I had barely begun working when I was introduced to the bugs – swarming my entire being like Egyptians on a June 30th protest. I was engulfed in a black swarm of flies. I quickly duct taped all openings in my dress shirt, and did the same to my pants. By the end of the 12th hour I felt an ache in my muscles like never before and my body was covered in bite-marks (scars which remain till this day).

It took weeks to learn how to “turn off” my brain, and get to the point of planting a tree every 10 seconds for 12 hours. Each tree planted was worth 8 cents (50 piastres), and by the end of the day I would make about $100 - $200. I’d heard of people making upwards of $300-$400 a day, and I was determined to match that. So I loaded up my Discman with an MP3 CD, put on my headphones, and set off to break a record.

I was planting a tree almost every seven seconds, and was so focused that I felt I was more machine than man. With my head down and Hamdy Baachan blasting in my ears, I felt like nothing could stop me, when all of sudden two little bear cubs almost bumped into me. And cubs only mean one thing; an angry mother bear is lurking nearby.



The second I took off my headphones, I heard an unholy growl coming from behind me. I turned around and about 30 metres away, lo and behold, the cubs’ mother standing on her hind legs, clearly yelling at me for getting in between her and her baby bears.

I immediately start clutching for my whistle (which course I had left it in yesterday's pants) and struggled to recall what we were told to do if we met a bear. Staring at her straight in the eye, I slowly walked backwards, hoping to reach the makeshift road. My thinking at the time was that everyone's lunches would be on the road, and that maybe the bear would spare me in exchange for a buffet. As I kept walking, the family of bears advanced, but as time passed by, the distance between us grew. I decided to make a run for it shouting at the top of my lungs “Bears! Help! Bears! Fuck! Bears! Help!”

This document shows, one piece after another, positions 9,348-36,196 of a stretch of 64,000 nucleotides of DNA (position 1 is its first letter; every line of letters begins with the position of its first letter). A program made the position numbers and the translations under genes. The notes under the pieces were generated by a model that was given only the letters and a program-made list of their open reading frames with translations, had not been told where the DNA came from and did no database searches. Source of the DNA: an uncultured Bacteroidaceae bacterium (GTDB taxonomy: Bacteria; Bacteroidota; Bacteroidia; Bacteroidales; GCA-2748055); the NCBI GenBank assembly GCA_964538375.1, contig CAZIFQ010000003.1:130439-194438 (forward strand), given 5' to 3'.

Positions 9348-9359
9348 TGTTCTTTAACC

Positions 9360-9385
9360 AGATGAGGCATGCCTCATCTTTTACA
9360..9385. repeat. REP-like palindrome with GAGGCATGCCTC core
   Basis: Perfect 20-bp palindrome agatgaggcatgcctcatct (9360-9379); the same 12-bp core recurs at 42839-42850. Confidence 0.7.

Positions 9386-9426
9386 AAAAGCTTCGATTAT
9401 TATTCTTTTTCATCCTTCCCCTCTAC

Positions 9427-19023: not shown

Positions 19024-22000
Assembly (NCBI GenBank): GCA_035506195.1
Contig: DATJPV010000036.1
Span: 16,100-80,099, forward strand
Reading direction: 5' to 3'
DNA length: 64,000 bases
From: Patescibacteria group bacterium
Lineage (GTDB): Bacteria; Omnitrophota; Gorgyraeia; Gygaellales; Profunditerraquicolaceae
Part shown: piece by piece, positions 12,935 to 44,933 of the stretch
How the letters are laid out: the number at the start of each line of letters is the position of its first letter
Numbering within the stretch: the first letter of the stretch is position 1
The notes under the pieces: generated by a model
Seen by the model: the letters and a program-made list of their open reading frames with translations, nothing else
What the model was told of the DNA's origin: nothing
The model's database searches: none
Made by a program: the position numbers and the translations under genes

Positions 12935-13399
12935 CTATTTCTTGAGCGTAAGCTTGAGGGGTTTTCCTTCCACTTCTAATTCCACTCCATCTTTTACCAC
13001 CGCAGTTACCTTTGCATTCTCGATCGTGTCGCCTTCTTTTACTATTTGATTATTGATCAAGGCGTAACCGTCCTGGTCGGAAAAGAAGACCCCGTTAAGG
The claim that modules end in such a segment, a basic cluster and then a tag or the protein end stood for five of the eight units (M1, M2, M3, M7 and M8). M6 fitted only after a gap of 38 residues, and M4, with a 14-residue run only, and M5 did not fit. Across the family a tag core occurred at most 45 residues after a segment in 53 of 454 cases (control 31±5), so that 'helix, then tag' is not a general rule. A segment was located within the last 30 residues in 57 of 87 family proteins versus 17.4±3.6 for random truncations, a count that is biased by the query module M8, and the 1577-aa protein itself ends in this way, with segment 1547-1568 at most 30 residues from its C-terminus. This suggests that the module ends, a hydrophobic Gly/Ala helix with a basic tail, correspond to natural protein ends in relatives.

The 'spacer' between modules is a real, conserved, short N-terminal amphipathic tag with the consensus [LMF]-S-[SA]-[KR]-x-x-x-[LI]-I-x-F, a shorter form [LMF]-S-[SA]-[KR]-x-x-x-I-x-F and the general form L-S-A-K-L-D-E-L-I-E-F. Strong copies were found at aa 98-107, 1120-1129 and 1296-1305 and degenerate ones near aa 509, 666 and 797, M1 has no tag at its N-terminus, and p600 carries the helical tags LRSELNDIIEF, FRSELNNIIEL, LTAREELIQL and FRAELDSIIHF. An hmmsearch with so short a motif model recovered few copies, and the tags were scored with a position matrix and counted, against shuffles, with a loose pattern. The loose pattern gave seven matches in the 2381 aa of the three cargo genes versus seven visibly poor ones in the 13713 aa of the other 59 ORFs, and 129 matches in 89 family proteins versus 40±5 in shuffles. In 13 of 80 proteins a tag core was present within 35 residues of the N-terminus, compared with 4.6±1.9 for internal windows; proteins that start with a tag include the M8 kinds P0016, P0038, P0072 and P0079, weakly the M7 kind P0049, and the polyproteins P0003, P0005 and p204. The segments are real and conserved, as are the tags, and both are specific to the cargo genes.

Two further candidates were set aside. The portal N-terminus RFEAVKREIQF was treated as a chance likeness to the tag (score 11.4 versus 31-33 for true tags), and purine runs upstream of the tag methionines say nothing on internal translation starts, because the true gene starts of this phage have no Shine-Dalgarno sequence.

The bears picked up their pace but luckily I made it to the road. Just as I predicted, the bears forgot about me once they saw the feast available to them. But as they ate, my boss and I were blocked from the rest of the crew. One of the guys hopped on a beach buggy, and drove towards them to scare them off. It worked but unfortunately for my boss and I, the path they ran on led straight to us. We were both running for our lives, attempting to trip each other up, willing to make any sacrifice in a bid for survival. Luckily the beach buggy caught up with us before anyone had to be accused of murder.

This would be our last day at this particular site, and my boss was insistent that we finish the job. I insisted on planting with a partner, and insisted that he had to be a heavy smoker so I could outrun him if need be. They brought me a smoker named Jon, who puffed more cigarettes than a group of youth spotting. Together we began planting the bear-infested land. After about an hour we encountered the bears again. Rather than attempting to use each other as a sacrifice, we decided to link arms and make a racket. Thankfully, we were threatening enough to scare away the bears into another crew's land. As far as we were concerned, it was no longer our problem.

This would not be the only time I encountered bears, but it was definitely the closest I had come to being lunch. Tree-planting was by far the hardest job I had ever done. It was draining physically, emotionally, and for a while, it psychologically messed me up. I never made as much money as I was promised, but I did come out of the experience tougher. The only thing I knew for sure is that when all was said and done, I planted a forest (over 20,000 trees) and survived two months in the wild with bears and wolves and maddening amounts of bugs.

So, anyone for a Canadian visa?